It is important to note however that the number of visitors coming from an actual article/bio is not the only factor to take into account when deciding where to write. Writing guest posts is also a great tool for building your brand, have a reference and have your name appear more times in an eventual Google search.
Free Bio example for you to follow
To this end use your name the same way (must sound funny but there are people using their names in alternate ways, sometimes with the middle name, sometimes without), you can even think of using a unique author name. If you add a title, use one that is easy to understand and remember, and use it consequently in each bio. This could even be something that is different from the usual titles and therefore catches the attention. (Just to give you an example, a chef could be a Tastemaster if it is appropriate and matches the style of other activities.) Important to note that the structure of the bio is flexible, and you don’t necessarily have to start with your name and title.
If you can, add a professional photo where you are easy to recognize, convincing and can be associated with your profession. Use the same profile photo you use in social media and other communications to build your self-brand.
Finally, here is an example, that you are free to follow and adapt:
The sample bio is for an article written for mothers about how to make their baby fall asleep.
“Anna Eden, Expert of Babysleep, and Founder of www.babysleep.com, is responsible for the calm and silent nights of more than 550 families. Listen to her groundbreaking, 3-minute video of the major misbeliefs about baby sleep issues parents should immediately forget.”
While we experiment with new content marketing tools we shouldn’t forget those good old ones that always work and are a nice change of pace to our content flow. Here I selected those especially suitable for B2B marketing.
#1 Challenge your leads
This is a great tool for collecting leads, activating the existing ones, and reaching out to the clients. We all face challenges, why not to help your audience achieve these. Challenge them to collect 1,000 leads in a month, build up their social presence, set up a motivation strategy or make sure they have a safe IT environment (obviously something you can help them achieve). Sark eMedia has a blogging challenge for 30 days with a closed Facebook group and special offers for members, a very engaged audience.
You send a task to complete every day until the challenge runs, and your audience can improve step by step. In your emails, you can add the link to blog posts and videos you created earlier and it will give you a continuous traffic on your earlier content.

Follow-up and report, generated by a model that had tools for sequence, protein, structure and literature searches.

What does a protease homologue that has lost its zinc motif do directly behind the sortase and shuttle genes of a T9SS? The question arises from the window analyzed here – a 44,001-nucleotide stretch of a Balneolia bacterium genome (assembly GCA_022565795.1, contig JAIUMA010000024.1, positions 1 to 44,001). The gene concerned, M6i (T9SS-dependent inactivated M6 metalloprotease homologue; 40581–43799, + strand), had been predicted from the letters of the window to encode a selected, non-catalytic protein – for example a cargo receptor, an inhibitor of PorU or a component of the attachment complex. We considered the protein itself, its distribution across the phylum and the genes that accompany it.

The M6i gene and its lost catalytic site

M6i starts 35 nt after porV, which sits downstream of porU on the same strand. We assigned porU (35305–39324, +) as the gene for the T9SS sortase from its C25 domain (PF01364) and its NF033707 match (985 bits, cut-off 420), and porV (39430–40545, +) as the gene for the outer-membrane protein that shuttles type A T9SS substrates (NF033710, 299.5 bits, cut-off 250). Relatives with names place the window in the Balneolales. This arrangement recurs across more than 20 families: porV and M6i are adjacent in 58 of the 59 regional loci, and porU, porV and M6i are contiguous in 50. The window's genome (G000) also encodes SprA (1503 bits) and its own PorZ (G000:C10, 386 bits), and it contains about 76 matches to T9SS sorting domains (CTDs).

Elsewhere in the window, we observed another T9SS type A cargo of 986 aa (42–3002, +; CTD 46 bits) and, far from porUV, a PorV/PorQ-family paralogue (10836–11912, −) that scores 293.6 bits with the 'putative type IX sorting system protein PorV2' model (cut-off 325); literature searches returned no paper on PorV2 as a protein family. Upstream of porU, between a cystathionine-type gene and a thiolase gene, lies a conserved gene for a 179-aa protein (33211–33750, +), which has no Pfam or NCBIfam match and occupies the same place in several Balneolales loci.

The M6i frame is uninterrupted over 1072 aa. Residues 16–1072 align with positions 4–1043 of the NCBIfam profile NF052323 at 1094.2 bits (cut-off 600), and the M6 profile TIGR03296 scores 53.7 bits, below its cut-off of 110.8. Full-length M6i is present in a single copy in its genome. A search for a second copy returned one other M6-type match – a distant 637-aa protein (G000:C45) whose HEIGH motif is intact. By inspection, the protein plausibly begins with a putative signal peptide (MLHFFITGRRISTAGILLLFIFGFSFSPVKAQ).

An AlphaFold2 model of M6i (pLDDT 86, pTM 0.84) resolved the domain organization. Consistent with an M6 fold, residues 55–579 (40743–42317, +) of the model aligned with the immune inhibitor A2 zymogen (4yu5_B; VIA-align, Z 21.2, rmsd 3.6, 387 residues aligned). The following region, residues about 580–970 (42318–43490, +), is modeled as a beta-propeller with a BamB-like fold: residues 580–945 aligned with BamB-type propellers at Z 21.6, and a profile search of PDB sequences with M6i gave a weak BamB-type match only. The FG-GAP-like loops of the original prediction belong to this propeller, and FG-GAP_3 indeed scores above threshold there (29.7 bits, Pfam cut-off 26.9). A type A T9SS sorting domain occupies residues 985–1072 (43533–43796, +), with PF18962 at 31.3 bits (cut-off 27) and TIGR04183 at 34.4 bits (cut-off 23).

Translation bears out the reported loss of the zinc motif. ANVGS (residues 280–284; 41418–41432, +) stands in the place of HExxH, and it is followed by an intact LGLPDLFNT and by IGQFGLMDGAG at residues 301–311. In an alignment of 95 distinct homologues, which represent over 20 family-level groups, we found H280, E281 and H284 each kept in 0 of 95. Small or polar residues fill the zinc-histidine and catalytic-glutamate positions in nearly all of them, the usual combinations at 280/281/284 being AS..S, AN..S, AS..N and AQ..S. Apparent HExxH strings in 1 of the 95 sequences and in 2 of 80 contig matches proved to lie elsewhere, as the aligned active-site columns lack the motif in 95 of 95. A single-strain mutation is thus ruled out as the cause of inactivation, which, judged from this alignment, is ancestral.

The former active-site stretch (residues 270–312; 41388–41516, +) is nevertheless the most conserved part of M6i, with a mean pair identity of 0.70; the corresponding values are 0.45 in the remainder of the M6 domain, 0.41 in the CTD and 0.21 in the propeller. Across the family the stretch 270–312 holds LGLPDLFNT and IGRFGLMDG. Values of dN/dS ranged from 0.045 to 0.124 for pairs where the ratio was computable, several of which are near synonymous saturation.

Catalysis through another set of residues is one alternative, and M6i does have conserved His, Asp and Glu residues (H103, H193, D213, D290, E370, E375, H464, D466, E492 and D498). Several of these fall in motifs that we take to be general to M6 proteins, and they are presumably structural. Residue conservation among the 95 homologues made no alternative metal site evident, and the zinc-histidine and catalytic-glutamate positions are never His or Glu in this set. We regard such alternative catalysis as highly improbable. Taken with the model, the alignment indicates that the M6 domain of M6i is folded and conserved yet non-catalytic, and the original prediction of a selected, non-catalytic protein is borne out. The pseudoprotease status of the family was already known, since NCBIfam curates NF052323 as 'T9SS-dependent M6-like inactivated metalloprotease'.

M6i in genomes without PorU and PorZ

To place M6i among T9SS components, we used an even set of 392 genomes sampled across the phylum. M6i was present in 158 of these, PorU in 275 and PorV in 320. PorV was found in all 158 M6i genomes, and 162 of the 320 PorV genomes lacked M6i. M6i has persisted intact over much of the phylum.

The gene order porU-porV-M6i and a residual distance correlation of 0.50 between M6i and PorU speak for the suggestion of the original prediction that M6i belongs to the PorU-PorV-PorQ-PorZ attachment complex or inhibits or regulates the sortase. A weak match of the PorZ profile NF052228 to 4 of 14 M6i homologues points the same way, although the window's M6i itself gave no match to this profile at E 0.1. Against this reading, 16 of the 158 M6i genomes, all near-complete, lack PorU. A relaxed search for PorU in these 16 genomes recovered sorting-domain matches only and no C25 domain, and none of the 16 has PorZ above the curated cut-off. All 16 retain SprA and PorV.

Apparently, most people will not be able to meet the challenge every day, so make sure you include catch-up days, motivate and reward them. But all in all the main point is that you can show your expertise, engage clients and it gives space to several touch points with them. You can contact those who are struggling, to offer your help.
#2 Carry out an ‘audit’
We all want to know where we stand in the industry and versus competitors. So why not to offer an audit to your audience, asking them to fill in a questionnaire so that you can show them where they are compared to the other companies you have on file. This requires some previous data you have from other companies which you can get via a survey and you should have full disclosure about the procedure (i.e it is not an in-depth audit.).
I used this when I recruited guesthouse owners to a booking database. These guys are faced with an unbelievable mass of insult from various companies to advertise with them. So even an awesome offer wouldn’t have been enough to catch their attention. But offering them to show where they stand in the industry opened the door.
I also found this tool dramatically efficient to find out the biggest pain my lead has and then tailor the offer accordingly. Makes it easier to push that red button.
Interviews always make a nice change of pace in your content flow as the dialogue form helps you get through messages easier, but in the B2B communication, it is especially effective. Interview the industry-leading companies what they think about certain issues you all face, how they solve these, what their plans are.
Alternatively, ask authorities about hot new or upcoming legislation in your industry. In your interview, you can help interpret these regulations so that it is clear for your audience. If you can be the first one with this, you can get a very high quotation and referral rate in the press. (Sometimes you even get the interviewee distribute the interview.)